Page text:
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A remittance man is a historic term for an emigrant, often from Britain to a colony, supported by regular payments from home, on the expectation that he stay away [...]

Historian Monica Rico describes in Nature's Noblemen: Transatlantic Masculinities and the Nineteenth-Century American West (2013) how the figure emerged in the 1880s: "Unable to succeed in Britain [...] the remittance man represented the utter failure of elite British masculinity to function in the modern world." Where he was to go was a wide-open question. The British Empire offered wide-open spaces and possibilities of redemption in Canada, Australia, New Zealand, and colonial parts of Africa; some thought the American West was also an appropriate destination. Rico concludes that "the remittance man, in his weakness, symbolized his culture's fear that British masculinity was imperiled both in Britain and abroad."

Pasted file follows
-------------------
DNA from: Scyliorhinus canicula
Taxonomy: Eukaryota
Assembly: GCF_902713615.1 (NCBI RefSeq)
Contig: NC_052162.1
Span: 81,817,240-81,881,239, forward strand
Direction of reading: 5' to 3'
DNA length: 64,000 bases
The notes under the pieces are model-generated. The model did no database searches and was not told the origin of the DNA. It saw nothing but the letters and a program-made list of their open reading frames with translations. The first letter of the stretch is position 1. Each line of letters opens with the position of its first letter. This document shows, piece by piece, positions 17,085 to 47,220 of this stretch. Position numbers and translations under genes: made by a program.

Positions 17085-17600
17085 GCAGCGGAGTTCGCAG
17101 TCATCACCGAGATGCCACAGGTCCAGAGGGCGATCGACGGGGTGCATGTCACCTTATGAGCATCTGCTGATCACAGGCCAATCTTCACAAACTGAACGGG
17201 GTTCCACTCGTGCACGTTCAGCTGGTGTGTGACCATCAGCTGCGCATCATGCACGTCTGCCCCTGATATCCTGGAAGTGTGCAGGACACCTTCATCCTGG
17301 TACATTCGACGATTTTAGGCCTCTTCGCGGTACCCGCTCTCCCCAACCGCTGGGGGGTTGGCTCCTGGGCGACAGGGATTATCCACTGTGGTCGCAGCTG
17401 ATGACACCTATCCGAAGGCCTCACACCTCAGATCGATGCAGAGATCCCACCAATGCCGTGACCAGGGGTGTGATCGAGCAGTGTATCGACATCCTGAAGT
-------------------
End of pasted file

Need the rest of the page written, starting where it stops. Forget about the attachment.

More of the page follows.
[...] They were "everlasting sources of enjoyment and personal gain" for the tough ranchers and early colonists, "the natural butt of the cowboys' jokes". Remittance men were held in scorn by all, even "solid contempt", and were considered easy marks by conmen and tellers of tall tales. Some, however, won redemption by, for example, joining the Royal Canadian Mounted Police in the Yukon.

by das monde on Mon Jan 7th, 2019 at 02:52:52 PM EST

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